Qantas engineers pledge whacky, wrong-handed strike action

Airplane mechanics fight left-handed

The Australian Licensed Aircraft Engineers’ Association says oddball actions planned for Friday won't affect passengers.

Right-handed Qantas engineers have vowed they will use only their left hands for screwdrivers and spanners as industrial action triggered by negotiations over a new enterprise agreement heats up.

The Australian Licenced Aircraft Engineers Association has written to Qantas advising that two members, one in Melbourne and one in Perth, would not use their right hands for the essential tools for a week, starting Friday.

And in a separate protected action, the engineers will stop work for a minute at 10am on Friday. The 60-second stopwork will happen across the country.

Qantas hit out at the engineers’ move and said the union was pushing for unreasonable pay increases and trying to hold on to outdated work practices.

"The union is playing ridiculous games as they negotiate a new pay agreement," a spokesman said.

"Where will this all end? If all 1600 Qantas aircraft maintenance engineers only used their left hand to maintain our aircraft this would be a safety risk.

"The union is demanding unreasonable pay increases, resisting changes which will improve productivity and want to stick to outdated work practices for modern aircraft."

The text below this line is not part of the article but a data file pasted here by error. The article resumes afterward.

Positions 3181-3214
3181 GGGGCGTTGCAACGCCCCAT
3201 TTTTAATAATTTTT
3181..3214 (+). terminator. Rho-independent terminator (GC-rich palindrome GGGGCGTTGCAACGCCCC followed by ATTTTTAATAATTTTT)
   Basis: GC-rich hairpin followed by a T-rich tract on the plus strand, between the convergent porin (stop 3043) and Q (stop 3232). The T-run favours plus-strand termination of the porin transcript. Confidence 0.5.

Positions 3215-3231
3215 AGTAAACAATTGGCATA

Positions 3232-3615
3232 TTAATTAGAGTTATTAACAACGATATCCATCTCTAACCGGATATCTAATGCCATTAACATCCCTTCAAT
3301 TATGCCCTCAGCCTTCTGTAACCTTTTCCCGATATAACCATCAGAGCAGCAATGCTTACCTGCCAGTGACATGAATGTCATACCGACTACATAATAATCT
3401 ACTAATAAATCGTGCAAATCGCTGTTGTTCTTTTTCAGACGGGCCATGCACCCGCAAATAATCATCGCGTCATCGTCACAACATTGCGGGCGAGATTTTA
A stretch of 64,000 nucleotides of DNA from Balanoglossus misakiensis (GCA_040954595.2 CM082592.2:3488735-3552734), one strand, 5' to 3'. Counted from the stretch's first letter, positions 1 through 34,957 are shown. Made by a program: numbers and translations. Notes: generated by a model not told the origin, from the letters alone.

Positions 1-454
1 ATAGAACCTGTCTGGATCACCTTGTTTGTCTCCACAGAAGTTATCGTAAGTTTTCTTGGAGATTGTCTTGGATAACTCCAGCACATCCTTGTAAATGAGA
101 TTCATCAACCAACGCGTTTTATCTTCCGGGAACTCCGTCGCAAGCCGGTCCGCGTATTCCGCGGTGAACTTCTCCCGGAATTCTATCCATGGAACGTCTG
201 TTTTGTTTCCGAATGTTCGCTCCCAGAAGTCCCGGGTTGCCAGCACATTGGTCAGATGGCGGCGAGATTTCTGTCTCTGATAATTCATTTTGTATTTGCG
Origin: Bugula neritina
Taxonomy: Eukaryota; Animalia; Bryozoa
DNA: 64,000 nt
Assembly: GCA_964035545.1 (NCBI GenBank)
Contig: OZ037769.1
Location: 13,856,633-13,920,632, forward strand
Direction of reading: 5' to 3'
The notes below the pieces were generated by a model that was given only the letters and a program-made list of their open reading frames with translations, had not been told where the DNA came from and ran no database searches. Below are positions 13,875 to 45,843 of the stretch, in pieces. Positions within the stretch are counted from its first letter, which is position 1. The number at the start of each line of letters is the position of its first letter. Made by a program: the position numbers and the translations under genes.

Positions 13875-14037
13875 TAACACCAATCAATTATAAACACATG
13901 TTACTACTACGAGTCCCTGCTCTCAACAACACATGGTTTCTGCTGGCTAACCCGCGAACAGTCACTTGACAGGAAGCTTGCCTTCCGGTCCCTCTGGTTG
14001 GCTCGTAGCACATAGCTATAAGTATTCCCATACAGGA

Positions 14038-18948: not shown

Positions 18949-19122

The latest move follows a vote on Monday where Qantas long-haul pilots agreed to take protected industrial action against the airline for the first time in 45 years.

Australian and International Pilots Association vice-president Richard Woodward said 94 per cent of the 1429 pilots who voted in the ballot were in favour of the action.

A final industrial strategy is expected to be mapped out over the weekend, Mr Woodward said.

The pilots' association is pushing for assurances on job security and a promise that only Qantas pilots would operate Qantas long-haul flights. They are also seeking a pay rise, some free flights and equal pay for Jetstar pilots, among other things.

After Monday’s vote, Qantas released a statement that said the company was "prepared to negotiate sensible and reasonable increases in pay and conditions for our long-haul pilots however the current demands from the union are excessive and unsustainable".